Influencing Groups: Why You Don’t Need 100% Agreement

When persuading groups, you don’t need unanimity or an overwhelming mandate to generate agreement; you need critical mass.

Consensus is something everyone can live with, not something everyone would die for. With that in mind, focus on the pragmatism of the numbers. That means that “being right” in your own mind isn’t sufficient. You may have all the facts and all the right conclusions, but that still doesn’t mean your idea will become reality in a group setting.

You must be cajoling and politically savvy. “Work” the system, just as you would “work” a room when you’re networking. You don’t want to meet everyone, just the people who can help you the most. (A politician wants to convince every voter to vote for him or her but is most interested in those voters who can deliver — through their own influence — thousands of additional votes. Hence, a union officer is more attractive to a politician than a union member.)

Groups are not sentient creatures as an entity, but they contain sentient creatures. The legal and marketing departments will have different views on your pitch than, say, the R&D and finance departments.

In other words, where others stand on an issue depends on the professional background they bring to the discussion and the impact a “yes” will have on their job, rank or career.

One of the weaknesses of group influence is that the task takes much longer because of such dynamics. You have to stay the course and, in some cases, outlast opponents who will eventually be transferred, promoted, retired, terminated, or otherwise obscured or overruled. Sometimes, no other way exists, so be prepared for a long-term persuasion arrangement in which you might need to create allies who recognize how they can prosper from your ideas.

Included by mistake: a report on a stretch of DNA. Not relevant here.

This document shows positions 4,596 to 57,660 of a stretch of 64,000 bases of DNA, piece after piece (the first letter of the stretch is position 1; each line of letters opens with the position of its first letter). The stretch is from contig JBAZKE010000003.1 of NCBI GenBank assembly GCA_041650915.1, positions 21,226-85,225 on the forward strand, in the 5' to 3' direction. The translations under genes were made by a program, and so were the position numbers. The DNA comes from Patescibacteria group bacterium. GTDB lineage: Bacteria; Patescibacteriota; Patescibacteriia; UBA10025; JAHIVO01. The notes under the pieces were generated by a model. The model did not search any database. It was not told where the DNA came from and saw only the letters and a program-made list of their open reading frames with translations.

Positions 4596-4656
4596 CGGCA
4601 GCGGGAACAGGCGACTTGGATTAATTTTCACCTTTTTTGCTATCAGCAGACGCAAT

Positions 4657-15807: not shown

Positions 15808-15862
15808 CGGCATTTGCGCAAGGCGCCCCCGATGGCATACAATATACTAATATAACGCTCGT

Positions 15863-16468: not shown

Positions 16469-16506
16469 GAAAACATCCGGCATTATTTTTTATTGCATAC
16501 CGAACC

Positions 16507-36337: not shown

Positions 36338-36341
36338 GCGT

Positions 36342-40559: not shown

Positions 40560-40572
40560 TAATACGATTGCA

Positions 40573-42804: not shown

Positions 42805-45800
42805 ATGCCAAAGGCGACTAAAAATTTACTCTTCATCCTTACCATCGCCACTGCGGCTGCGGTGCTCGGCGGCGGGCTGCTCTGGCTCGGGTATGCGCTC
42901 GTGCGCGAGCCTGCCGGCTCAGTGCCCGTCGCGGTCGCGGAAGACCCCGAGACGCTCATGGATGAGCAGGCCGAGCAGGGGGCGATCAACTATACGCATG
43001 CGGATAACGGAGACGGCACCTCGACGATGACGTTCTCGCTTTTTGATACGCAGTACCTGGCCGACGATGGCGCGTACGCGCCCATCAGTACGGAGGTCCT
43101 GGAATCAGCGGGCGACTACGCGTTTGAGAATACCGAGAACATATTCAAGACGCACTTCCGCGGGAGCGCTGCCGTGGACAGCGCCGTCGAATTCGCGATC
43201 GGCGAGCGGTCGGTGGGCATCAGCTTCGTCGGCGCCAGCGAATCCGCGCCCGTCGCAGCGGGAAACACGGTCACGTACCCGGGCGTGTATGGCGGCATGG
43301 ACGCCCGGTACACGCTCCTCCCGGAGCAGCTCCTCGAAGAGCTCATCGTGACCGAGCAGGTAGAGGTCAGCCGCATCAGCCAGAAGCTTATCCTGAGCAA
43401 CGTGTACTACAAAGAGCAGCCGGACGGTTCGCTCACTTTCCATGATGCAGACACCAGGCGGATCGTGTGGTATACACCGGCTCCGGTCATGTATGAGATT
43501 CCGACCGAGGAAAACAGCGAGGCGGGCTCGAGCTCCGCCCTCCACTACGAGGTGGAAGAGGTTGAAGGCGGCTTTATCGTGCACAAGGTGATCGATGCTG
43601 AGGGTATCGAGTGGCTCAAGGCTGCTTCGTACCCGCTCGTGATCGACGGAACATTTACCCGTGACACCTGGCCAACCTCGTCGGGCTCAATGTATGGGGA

Why Consensus Is Overrated

Sometimes the most compelling path to persuasion isn’t via group buy-in. In fact, dissension in the ranks can establish you as a bolder leader.

Leaders are paid to achieve results. Period. They often, therefore, must make tough decisions — decisions that others might shy away from or try to drown in a group setting. U.S. Army General Dwight D. Eisenhower didn’t call a meeting before launching the D-Day invasion of Europe, and US Airways pilot Chesley “Sully” Sullenberger III didn’t ask permission from the control tower prior to landing Flight 1549 in the Hudson River after geese disabled engine power.

In other words, leadership doesn’t happen by committee. When the situation warrants, you need to make the tough call. So the next time you’re in a meeting and consensus regarding your ask seems unforthcoming, be the voice of reason for the group and render a decision that you know will result in the right outcome.

You lead by creating results from which the majority will benefit — even if the majority doesn’t agree with you at that moment.